DC -- Natl Museum of American History -- Miscellaneous Interior Shots:
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Copyrights: All pictures were taken by amateur photographer Bruce Guthrie (me!) who retains copyright on them. Free for non-commercial use with attribution. See the [Creative Commons] definition of what this means. "Photos (c) Bruce Guthrie" is fine for attribution. (Commercial use folks can of course contact me.) Feel free to use in publications and pages with attribution but you don't have permission to sell the photos themselves. A free copy of any printed publication using any photographs is requested. Descriptive text, if any, is from a mixture of sources, quite frequently from signs at the location or from official web sites; copyrights, if any, are retained by their original owners.
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Specific picture descriptions: Photos above with "i" icons next to the bracketed sequence numbers (e.g. " ") are described as follows:
SIAHIN_140512_05.JPG: Columbia, 1860s
This figure decorated the pilothouse of the Hudson River side-wheel steamboat Mary Powell for more than a quarter-century. "Columbia" was widely recognized as the female personification of the United States. The name derived from the Latin for "land of Columbus." By 1920 the Statue of Liberty in New York Harbor replaced Columbia as the symbol of America, welcoming waves of immigrants to new lives in a new homeland.
SIAHIN_140512_13.JPG: Apache violin, 1989
The apache violin, or fiddle, was played particularly for ceremonials, but also for personal enjoyment and expression. National Heritage Fellowship Award winner Chelsey Wilson crafted this instrument and presented it to the Smithsonian. The origins of the tsii'edo'a'tl (Apache for "wood that sings") are unclear. It may be modeled after European violins, which appeared with Spain's colonization efforts in 18th- and early-19th-century Alta California and the American Southwest.
SIAHIN_140512_21.JPG: Menorah, late 1980s
Manfred Anson left Nazi Germany in 1939 for Australia, and immigrated to the United States in 1963. To mark the centennial of the Statue of Liberty, Anson combined symbols of his new nation with those of his Jewish religious and cultural heritage. Each small Staue of Liberty is engraved with the name of a person or an event of liberation central to Jewish history.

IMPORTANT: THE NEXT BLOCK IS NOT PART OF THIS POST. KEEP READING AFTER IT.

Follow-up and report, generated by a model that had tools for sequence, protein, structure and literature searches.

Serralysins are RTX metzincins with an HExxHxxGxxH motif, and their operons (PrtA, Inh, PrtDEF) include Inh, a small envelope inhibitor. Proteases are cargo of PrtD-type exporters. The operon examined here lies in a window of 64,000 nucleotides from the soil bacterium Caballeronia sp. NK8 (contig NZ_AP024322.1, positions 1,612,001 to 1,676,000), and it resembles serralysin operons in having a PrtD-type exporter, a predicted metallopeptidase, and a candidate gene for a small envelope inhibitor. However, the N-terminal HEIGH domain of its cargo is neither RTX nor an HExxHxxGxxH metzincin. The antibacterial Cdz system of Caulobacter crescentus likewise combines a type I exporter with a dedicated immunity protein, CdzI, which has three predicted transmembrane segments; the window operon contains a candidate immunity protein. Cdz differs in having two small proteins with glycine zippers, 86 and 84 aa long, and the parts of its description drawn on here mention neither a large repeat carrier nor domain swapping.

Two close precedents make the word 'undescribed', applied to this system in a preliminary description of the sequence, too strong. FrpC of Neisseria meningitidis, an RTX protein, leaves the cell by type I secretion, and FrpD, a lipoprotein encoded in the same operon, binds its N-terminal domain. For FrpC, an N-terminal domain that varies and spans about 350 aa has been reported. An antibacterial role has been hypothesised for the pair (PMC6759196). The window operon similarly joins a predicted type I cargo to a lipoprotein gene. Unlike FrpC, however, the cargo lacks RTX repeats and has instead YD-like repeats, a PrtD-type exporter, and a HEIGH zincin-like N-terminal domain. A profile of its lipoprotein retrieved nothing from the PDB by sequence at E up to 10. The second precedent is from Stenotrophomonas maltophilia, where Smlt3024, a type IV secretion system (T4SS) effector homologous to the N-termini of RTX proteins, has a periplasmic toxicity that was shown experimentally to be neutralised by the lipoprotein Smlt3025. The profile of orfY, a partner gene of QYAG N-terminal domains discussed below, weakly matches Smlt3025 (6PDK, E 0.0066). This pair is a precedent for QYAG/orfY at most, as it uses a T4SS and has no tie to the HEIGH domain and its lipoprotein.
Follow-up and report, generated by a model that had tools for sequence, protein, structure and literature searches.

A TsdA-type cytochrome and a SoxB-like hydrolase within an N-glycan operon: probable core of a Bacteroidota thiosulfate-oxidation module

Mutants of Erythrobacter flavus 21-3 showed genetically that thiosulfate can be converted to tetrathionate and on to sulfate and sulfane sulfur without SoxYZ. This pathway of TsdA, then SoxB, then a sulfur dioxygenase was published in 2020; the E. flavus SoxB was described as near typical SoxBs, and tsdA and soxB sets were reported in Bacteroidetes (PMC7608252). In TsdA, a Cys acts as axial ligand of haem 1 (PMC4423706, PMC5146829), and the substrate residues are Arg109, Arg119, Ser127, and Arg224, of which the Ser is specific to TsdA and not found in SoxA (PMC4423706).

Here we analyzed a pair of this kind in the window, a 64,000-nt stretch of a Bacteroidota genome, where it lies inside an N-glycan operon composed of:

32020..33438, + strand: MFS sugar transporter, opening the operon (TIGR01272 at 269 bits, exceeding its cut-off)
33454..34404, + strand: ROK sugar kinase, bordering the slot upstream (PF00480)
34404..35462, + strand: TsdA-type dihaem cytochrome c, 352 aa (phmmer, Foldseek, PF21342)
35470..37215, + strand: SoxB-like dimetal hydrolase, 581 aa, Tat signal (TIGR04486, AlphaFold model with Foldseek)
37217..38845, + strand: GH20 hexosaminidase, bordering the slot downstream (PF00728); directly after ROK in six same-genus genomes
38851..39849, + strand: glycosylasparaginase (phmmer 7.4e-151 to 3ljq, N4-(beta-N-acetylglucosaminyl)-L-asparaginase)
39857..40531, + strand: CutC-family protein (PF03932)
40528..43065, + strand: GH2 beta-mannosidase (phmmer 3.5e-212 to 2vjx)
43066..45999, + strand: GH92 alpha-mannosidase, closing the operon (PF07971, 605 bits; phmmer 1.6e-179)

SIAHIN_140512_34.JPG: Billboard, 1941
Poster art mobilized the nation. These images -- on factory bulletin boards, store windows, and billboards -- warned against complacency, inspired patriotism, and called for sacrifice from every citizen.
This image, said to be the most popular poster design of World War II, appeared as a billboard in 1941. Carl Paulson created the design under the direction of the Outdoor Advertising Association of America, Inc., for a U.S. Treasury Department campaign promoting the widespread public ownership of defense bonds and stamps.
After the US entry into the war on December 8, 1941, the words on this flag poster changed from "defense" to "war" bonds. To demonstrate the power of advertising while selling Treasury bonds, the billboard industry displayed this image at more than 30,000 locations in some 18,000 cities and towns across the country in march and April 1942. It was brought back for campaigns in July 1942 and July 1943. To meet public demand for copies of the billboard, the Government Printing Office printed 4 million small color reproductions.
In May 1942, the War Savings section of the US Treasury Department developed a "quota campaign" asking Americans to set aside 10 percent of their salaries and wages for war bonds. Exhibited here is one of nine billboard designed posted in communities across the country dramatizing the kind of war equipment that each community's "quota" would buy.
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2014 photos: Equipment this year: I mostly used my Fuji XS-1 camera but, depending on the event, I also used a Nikon D7000.
Trips this year:
three Civil War Trust conferences (Winchester, VA, Nashville, TN, and Atlanta, GA),
Michigan to visit mom in the hospice before she died and then a return trip after she died, and
my 9th consecutive San Diego Comic-Con trip (including Las Vegas, Reno, Carson City, Sacramento, Oakland, and Los Angeles).
Ego strokes: Paul Dickson used one of my photos as the author photo in his book "Aphorisms: Words Wrought by Writers".
Number of photos taken this year: just over 470,000.